Even for Chris Pope, a man who served in the US Marine Corps, getting picked up from the airport in Tanzania made him nervous.
It wasn’t the man who met Pope there who was the problem. He felt secure with Kishumu Parkep. A smaller man, Parkep was both Pope’s translator and a warrior of the Maasai tribe.
For Pope, an American who grew up in Arkansas and an experienced traveler to Tanzania, the concerning part of the trip was the same as always — the road.
“Oh it’s scary,” Pope said. “It’s scary. It’s almost like it’s unregulated. There are people walking on both sides of the road, you’ve got people driving in both directions on both sides of the road and then you’re already on the wrong side of the road.”
Vehicles whizzed by on the left side of the road, often veering around pedestrians on foot and motorcycles. Pope, who was part of a church group that provided medical help and surgery for people in Tanzania, and Parkep started their time together.
Pope spent three weeks with Parkep and found himself asking a question.
“How can I help?”
In February of 2020, Pope answered his query by founding Books Over the World. A nonprofit company based in Stillwater, BOW supplies children's books to the Maasai people in Tanzania.
The first language of Tanzania is Swahili. The Maasai, a tribe rooted in tradition, are historically pastoralists. Their livestock-centered way of life became under fire. Increased urbanization in recent years led to the Maasai having limited ability to maintain their way of life.
“They herd cattle,” Pope said. “They've done it for thousands of years in the region of the Rift Valley. I think they migrated from Kenya. But now with fields and fences and what all, they are kind of the black sheep of Tanzania.”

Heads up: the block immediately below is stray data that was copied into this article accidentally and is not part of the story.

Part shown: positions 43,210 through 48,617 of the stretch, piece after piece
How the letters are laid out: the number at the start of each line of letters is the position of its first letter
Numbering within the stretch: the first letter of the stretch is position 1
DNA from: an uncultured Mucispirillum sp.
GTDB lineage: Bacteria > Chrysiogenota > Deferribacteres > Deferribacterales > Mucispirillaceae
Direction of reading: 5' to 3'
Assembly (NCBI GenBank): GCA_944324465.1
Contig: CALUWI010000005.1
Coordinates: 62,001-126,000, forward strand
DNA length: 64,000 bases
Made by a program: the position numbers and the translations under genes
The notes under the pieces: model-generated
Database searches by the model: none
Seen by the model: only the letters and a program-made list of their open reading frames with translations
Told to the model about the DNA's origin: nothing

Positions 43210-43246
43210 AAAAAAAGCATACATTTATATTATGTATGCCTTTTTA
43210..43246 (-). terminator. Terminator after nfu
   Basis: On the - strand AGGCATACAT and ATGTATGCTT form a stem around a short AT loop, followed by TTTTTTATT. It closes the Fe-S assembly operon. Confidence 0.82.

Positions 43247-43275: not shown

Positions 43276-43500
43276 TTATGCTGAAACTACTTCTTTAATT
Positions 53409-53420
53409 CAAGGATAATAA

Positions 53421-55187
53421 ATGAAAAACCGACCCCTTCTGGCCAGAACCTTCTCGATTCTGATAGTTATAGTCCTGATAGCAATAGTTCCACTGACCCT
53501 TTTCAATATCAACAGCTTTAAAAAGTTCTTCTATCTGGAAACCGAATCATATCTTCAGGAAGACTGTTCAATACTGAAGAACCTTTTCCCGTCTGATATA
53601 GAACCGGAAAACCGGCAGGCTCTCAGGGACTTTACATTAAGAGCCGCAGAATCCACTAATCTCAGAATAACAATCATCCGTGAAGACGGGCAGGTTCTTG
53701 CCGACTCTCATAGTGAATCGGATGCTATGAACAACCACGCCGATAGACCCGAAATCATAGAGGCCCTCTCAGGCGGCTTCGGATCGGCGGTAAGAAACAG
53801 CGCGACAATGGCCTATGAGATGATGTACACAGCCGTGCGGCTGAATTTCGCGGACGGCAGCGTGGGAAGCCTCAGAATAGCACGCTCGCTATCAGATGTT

The Maasai culture features aspects of western behavior and tribal tradition. People may wear a button-down shirt one day and tribal garb in the village the next. The standard Maasai belt has a place for a machete, a Rungu — a club that is a favorite of the people — and a cellphone.
Parkep felt his people lagged in learning a tool that would help them flourish as they moved into the next era — the English language.
“They don't even speak a language that would give them access to global economy,” Pope said. “Kishumu expressed this desire for his people to overcome their illiteracy.”
Partnering with his church, Mt. Zion Baptist Church in Stillwater, Pope created BOW to help the Maasai learn English by providing reading resources for teachers and English-speakers to master.
BOW volunteers ship boxes from Stillwater to Morogoro, Tanzania, filled with books aimed for children from kindergarten to 12th grade. BOW aims to ship one a month. Each box fits approximately 100 books and costs around $400 to ship.
“I’ve received books from California, from Washington,” Pope said. “We have a donor in Hawaii. When people realize what we’re trying to do they help with the expense.”
Morogoro is a rather large city in Tanzania, but it has fewer paved roads than Stillwater. The United States Postal Service is the most efficient way to go. Although each box is limited to 50 pounds, a package reaching it’s destination quickly is never a guarantee.
“The postal service in Tanzania is not quite so simple,” BOW Senior Vice President Cindy Pennie said.
One time, a box labeled for Tanzania was mistakenly delivered to Tunisia, a country on the very northern tip of the continent. Picking up packages from overseas can be a painful process and Pennie, known as “Mama Africa” for her efforts with BOW and medical visits, has experience of the multi-hour ordeal of picking up a box from the post office.
Regardless, the efforts are appreciated. The BOW team hopes to expand their reach, even eyeing the big goal of providing funds for a school building.
A primary contact for BOW is Bishop Mameo. A Maasai warrior and bishop of the Christian church in Tanzania, Mameo is a helpful administrator.
“We hear from Bishop Mameo and the church there that they pay attention to what's going on here and they pray for us,” Pennie said. “And we support them.”
Whether journeying to Tanzania on a medical visit or working with Pope to provide books for the Maasai tribe, Pope and Pennie have a humble perspective about their work among their African friends.
“Over the years I’ve learned a lot,” Pennie said. “We’re not the great white missionaries that are coming in to save the poor. We’re brothers and sisters working together.”
People wanting to support Books Over the World can send tax-deductible checks made out to Books Over the World to 2723 South Pioneer Trail. All funds go directly to BOW. More information is available at booksovertheworld.org.